Everyone already knows that there are more women than men going to college and graduating.
However, the gap between black women and men seems to be much wider. There are more black women that see college as a way to get out of their horrible environments, but unfortunately black men are not getting this memo as quickly.
Why is this?
It’s sad to say that many black men where I live do not seem to be as focused on education as their female counterparts. The majority of the top students in all of the schools I attended, including college, are females.
These females strongly believe that education is the way to a much better, less stressful life. They see education has a power.
Many of the males that I encounter, on the other hand, view other things as being powerful. Being a gangster and owning guns, having stashes of weed and money, are what they equate with power. These young men think that if they have these materialistic objects, they too can have better lives.
Thus, many young black males often wonder, “What’s the point?” when thinking of getting a degree.
And this is where my question comes in, “What will it take for young minority males to equate education to power – and not violence or illegal activity?”
First, we must understand the root of why many black males don’t seem to take their education very seriously. This reason can be dated back centuries ago. For many years now, black men have been told that they are not as intellectual as others. Europeans even used to say that enslaved African men were dumber than them, which is why their penises were larger. This thought then made these Africans and their descendants develop low self-esteem. And as time progressed, this feeling unfortunately has not completely gone away. And the product of this centuries’ old belief? The lack of interest in education.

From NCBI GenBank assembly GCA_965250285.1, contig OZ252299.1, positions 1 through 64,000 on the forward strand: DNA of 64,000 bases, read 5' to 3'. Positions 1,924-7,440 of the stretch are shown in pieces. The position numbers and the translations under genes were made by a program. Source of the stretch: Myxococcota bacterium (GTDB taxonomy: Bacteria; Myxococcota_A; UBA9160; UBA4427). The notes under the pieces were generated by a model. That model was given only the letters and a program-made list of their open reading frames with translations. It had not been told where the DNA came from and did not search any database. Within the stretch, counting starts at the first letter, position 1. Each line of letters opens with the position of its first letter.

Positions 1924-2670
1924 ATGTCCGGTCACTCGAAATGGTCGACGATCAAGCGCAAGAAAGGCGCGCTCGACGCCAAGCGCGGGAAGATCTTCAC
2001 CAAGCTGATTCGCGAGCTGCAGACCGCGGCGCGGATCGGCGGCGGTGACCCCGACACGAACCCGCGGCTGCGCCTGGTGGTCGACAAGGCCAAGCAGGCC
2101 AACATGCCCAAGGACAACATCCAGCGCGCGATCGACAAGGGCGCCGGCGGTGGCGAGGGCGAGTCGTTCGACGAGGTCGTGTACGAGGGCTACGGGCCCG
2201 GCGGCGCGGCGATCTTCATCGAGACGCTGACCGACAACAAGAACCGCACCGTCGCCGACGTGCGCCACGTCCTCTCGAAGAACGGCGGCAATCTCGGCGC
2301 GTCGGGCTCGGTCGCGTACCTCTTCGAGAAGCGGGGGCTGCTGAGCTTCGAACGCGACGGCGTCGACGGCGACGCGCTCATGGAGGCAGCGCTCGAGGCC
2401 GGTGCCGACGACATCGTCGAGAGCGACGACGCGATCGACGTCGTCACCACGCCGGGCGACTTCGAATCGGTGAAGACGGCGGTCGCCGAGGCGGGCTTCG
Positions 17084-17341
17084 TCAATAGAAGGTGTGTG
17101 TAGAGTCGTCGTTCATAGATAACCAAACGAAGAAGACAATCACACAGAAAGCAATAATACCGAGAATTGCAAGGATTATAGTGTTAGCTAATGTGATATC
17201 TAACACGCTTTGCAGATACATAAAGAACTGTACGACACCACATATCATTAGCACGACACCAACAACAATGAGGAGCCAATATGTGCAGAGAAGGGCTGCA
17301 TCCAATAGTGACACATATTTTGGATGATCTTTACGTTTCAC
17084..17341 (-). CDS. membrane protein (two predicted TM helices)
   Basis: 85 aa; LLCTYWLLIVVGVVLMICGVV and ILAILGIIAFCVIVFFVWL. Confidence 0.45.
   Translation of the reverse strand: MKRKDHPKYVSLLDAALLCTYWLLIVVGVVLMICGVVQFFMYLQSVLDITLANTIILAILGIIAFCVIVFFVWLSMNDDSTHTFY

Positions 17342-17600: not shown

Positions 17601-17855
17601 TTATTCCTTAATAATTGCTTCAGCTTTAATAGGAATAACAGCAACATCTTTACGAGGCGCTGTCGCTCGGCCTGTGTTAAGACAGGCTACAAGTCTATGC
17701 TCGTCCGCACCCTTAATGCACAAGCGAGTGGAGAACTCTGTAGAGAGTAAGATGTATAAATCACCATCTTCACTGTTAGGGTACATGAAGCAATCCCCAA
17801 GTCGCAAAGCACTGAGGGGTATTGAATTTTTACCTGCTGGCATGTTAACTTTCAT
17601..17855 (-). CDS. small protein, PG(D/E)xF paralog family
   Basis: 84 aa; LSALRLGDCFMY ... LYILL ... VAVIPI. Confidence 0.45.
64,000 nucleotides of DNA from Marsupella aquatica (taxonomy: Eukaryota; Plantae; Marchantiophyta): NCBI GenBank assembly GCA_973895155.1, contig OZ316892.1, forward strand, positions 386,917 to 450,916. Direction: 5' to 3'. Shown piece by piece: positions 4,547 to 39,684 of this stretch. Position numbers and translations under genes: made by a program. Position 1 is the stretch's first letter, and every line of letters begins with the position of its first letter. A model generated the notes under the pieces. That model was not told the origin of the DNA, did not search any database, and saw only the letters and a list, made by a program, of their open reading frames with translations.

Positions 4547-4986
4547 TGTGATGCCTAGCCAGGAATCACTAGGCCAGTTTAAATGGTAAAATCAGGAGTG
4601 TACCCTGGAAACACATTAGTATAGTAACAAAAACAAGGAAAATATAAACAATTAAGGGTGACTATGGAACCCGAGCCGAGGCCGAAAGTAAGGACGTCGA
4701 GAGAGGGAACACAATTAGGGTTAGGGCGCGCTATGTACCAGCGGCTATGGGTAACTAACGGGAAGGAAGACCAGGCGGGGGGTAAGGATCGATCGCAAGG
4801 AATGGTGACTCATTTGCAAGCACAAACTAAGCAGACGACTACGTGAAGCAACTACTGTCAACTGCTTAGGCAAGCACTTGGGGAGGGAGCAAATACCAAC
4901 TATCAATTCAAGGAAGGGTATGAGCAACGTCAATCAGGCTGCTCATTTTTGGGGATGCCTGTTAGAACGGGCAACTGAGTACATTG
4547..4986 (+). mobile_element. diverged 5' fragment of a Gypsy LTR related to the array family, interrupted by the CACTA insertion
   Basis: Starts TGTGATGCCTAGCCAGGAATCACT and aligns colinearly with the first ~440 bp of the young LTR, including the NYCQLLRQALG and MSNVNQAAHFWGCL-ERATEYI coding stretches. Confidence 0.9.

And because of this belief, education is being disregarded to this day. For example, the fact that the majority of the time when young black men see others that look just like them, they are rappers, NBA ballers, or pubic figures that have the nicest cars, wear the iciest bling and have a thug mentality. This doesn’t help these young men see that education has any real value to them.
Another reason is the fact that there are a lot of young minority males that don’t feel welcomed in school. School should be a place where students, and even sometimes their parents, can come when they are seeking guidance. School should be a place where they can be nourished and anticipate being developed.
However, it is often times the opposite emotion they have about school. The truth is that minority students are three times more likely to get kicked out of school when compared to Caucasian students. Minority male students are getting pushed out of the education system and into the streets more often than others and this is only causing them to resent school.
In order for these males to begin seeing education as something that can give them power, they are going to have to realize that old stereotypes of themselves are just that, stereotypes that are absolutely incorrect. They need to understand that the ignorance does not define who they are as human beings. They are more than an ignorant person’s thoughts.
They need to stop seeing the blinged-out celebrities as their role models and mentors. They must understand that with a proper education, they have the possibility of earning more money than these people they see on TV (and that later end up bankrupt years later) who probably didn’t graduate college.
These young men need to see that with education, they can be these people’s agents, lawyers, personal trainers, publicists and so much more.
Schools need to begin making these male minority students feel that they are actually there to help them change for the better. Young minority males might need more encouragement than anyone else that they actually are worthy and have the capabilities of having a great power that many people around them probably don’t. They should know that they have the world at their fingertips, even though they rarely hear people tell them so.
When young men come to this realization, they will discover personally that they can still be a boss, and truly understand that the pen is without a doubt mightier than the sword – or gun.
Isha Thorpe (pronounced eye-shah) is a News/Politics Editorial intern at GlobalGrind. She is also a contributing writer at Yahoo! and Examiner. Follow her on Twitter for all things news @IshawThorpe